St. Kitts & Nevis is a parliamentary democracy and constitutional monarchy, with Queen Elizabeth II as Head of State, represented locally by a governor-general. It is the smallest and newest independent state in the Western hemisphere.
St. Kitts & Nevis’ national flag was adopted as the winning entry in a local competition and uses colours found in other Caribbean flags. Green, yellow and read are also the colours of the Pan-African movement, although in this context the colours officially have a different significance: green represents the islands’ fertility; red stands for the struggles of the people from slavery through colonialism to independence; and yellow is for the sunshine. The peoples’ African heritage is acknowledged by the black, while the two white stars symbolise hope and liberty.
First settled by the British in 1623, the tri-island state of St. Christopher-Nevis-Anguilla became an associated state with full internal autonomy in 1967. Anguilla was allowed to secede in 1971. The other two islands achieved independence as the federated state of St. Kitts & Nevis on 19 September 1983. In 1998, a vote on Nevis on a referendum to secede from the federation fell short of the two-thirds majority needed. Nevis pursues its efforts to try and separate from St. Kitts.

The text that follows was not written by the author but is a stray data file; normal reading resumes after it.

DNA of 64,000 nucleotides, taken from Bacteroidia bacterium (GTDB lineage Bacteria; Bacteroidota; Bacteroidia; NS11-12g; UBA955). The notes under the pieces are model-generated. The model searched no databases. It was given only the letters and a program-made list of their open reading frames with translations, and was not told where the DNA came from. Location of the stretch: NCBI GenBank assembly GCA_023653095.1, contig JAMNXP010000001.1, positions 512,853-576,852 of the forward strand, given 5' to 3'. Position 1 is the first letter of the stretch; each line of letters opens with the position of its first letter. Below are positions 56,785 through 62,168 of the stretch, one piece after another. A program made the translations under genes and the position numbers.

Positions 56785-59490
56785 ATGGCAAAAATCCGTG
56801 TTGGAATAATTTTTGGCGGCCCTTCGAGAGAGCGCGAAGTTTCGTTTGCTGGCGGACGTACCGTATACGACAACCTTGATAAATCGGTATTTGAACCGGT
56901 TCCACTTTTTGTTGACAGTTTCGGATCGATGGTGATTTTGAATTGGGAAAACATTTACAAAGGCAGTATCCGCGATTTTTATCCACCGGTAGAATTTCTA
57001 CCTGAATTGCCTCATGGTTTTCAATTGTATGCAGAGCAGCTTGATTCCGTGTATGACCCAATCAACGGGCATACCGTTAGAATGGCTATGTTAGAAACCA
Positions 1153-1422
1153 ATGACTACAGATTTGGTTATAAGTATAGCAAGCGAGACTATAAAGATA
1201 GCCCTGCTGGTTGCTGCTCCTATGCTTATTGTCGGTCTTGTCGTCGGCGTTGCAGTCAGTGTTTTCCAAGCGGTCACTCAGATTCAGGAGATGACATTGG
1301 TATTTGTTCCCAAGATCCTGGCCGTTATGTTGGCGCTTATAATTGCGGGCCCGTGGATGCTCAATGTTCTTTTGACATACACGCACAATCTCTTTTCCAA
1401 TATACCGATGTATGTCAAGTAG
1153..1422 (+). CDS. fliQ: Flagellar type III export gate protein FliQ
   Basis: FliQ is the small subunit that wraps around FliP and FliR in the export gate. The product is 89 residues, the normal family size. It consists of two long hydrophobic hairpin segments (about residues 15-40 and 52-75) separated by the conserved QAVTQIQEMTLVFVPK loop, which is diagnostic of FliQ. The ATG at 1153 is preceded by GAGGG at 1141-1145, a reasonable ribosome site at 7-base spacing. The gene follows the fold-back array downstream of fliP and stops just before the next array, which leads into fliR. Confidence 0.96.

Area: 261 sq km (Saint Kitts 168 sq km; Nevis 93 sq km)
Capital: Basseterre (on St. Kitts)
Population: 39, 129
Language: English (official); Caribbean Creole
Currency: Eastern Caribbean (EC) dollar (US$1=EC$2.70, rate fixed since 1976)
Legal system: based on English common law.
St. Kitts & Nevis is a member of the Eastern Caribbean Supreme Court (ECSC), based in Saint Lucia, and consisting of a High Court of Justice and a Court of Appeal. One High Court judge of the ECSC is assigned to and a resident of the islands.